The winemakers came marching into Dallas.  Five of them in four-week period.  Then I had two fabulous wine country trips to California providing tons of content.  There were numerous Twitter online tastings with three other winemakers to debut new wines coming to Texas.  Snooth came a-calling and asked me to be part of a French wine region seminar.  The Australians came to town for an in-depth wine seminar and educational session on the region.  Then I looked up and realized that it has been about well, uh, er … five months since I did a wine round-up.  I still have a closet of wine to taste and lots of enquiring PR folks, but now I’m only a month behind on coverage, so here’s my latest line-up of favorites.

I tasted 20 wines from Spain, France and California and 12 made today’s round-up story.  Here are some great bottles to seek out.

Whites and Roses

2015 Tank Garage Winery “Stars Like Ours” Rose – whoa – this personifies Summer in a glass and I can’t wait to get more.  I tasted fresh, juicy strawberries, mango, raspberries, flowers and notes of honey.  It only comes in a three-pack and you can order it directly from the winery.

2012 Tricó Albariño Rías Baixas – I really liked this aged wine.  It had great notes of peach, apricot and flowers with a nice stony minerality.  As you swirled the wine in the glass, it continued to evolve.

2014 La Caña Albariño – notes of peach, apple and tropical fruits with the minerality and stone fruit that is typical for this wine.

2014 Vionta Albariño – juicy peach, apricot, green apple, melon, tropical fruit and a nice minerality makes this a zingy, tangy and delicious wine.

2014 Grassini Sauvignon Blanc – a great expression of a beautiful Sauvignon Blanc.  Notes of citrus, pear and granite with just the right amount of minerality and balance.

2014 Paramus Verdejo – a blend of flowers, tropical fruit, green apple, pear and herbal notes make this an easy drinking wine that drinks well with food.

Champagnes

Nicolas Feuillatte D’Luscious Rose Champagne – this champagne is blended with chardonnay, pinot noir and pinot meunier, the classic blends for Champagne.  I tasted red and black cherry and a burst of raspberry.  I loved the elegance and layers of this sparkler.

Nicolas Feuillatte Brut Rose Champagne – another great expression of Champagne in this bottle.  I tasted raspberry, currant, fresh bread and blackberry.  This had a great acidity, ripe fruit and a great minerality.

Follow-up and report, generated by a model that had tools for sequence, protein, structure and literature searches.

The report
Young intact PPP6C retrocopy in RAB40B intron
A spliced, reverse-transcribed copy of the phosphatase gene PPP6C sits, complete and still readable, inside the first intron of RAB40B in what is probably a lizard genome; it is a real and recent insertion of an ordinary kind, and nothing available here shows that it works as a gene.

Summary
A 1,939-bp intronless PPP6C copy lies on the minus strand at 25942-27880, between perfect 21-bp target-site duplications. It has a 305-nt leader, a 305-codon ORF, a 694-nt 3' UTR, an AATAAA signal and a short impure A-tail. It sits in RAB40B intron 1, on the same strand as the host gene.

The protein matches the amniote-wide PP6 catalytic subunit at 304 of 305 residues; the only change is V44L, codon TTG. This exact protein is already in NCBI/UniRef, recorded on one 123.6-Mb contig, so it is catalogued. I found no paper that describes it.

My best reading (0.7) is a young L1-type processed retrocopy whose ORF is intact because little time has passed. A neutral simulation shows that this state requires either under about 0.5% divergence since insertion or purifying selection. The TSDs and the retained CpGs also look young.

Reds

2013 Grassini Equipo – “Equipo” is the Spanish word for team and this wine was made to pay tribute to the team that has been with the winery since the vines were planted.  It’s a nice tribute with raspberry, cherry, currant, cassis and notes of chocolate.

2013 Grassini Articondo – named as another tribute to Larry Grassini’s grandfather, this well-made wine is drinkable today with notes of blackberry, chocolate, spice, mocha, black fruit and caramel.

2014 La Crema Virtuoso Pinot Noir – definitely not your grocery store La Crema, I made sure my group tasted this blindly and it received rave reviews.  I tasted raspberry, cherry, black licorice, plum, cherry cola and black tea.  This was a great wine and the decisions were made by 25,000 participants of La Crema’s Virtual Vintner crowd sourcing program.  Pretty cool.

2013 50 Harvests Meritage – this wine is absolutely delicious with notes of chocolate, coffee, red fruit, blackberry and is a fantastic Bordeaux blend.  This was made by the Scotto Family to mark the family’s 50 years in the wine business.

 


Checkered Past Blind Tasting: The Day I Became A “Celebrity” Judge

The smack down was on.  A side-by-side blind tasting of Messina Hof Texas wines vs. a line-up of global wines.  Add three celebrity judges (term used loosely as I was on that panel), wines wrapped in brown bags so the label can’t be seen, a bar full of tasters and let the games begin.

The panel consisted of me; Barrett Tillman of BlackMan Brewing, who manages the Barrel Aged Beer and Sour Program at Deep Ellum Brewing in Dallas; and Hathor Hendrix, a musician and vocalist who performs at Checkered Past Winery.

Tom Cortez, Messina Hof Winery, Sandro DiSanto, Checkered Past, and Mandy Graham, Messina Hof

I visited Checkered Past Winery a few months ago and loved the vibe.  When Sandro asked me if I’d like to participate in the tasting, I jumped at the chance.  It has been a long time since I tried Messina Hof wines and I was excited to have a chance to taste them again.  First some background, Messina Hof has been making wine for seven generations and is the largest producer of Texas wines.  It was the fourth winery founded in Texas.  Messina Hof produces 30 plus varieties of grapes, has more than 90 wine labels and produces more than 60,000 cases annually.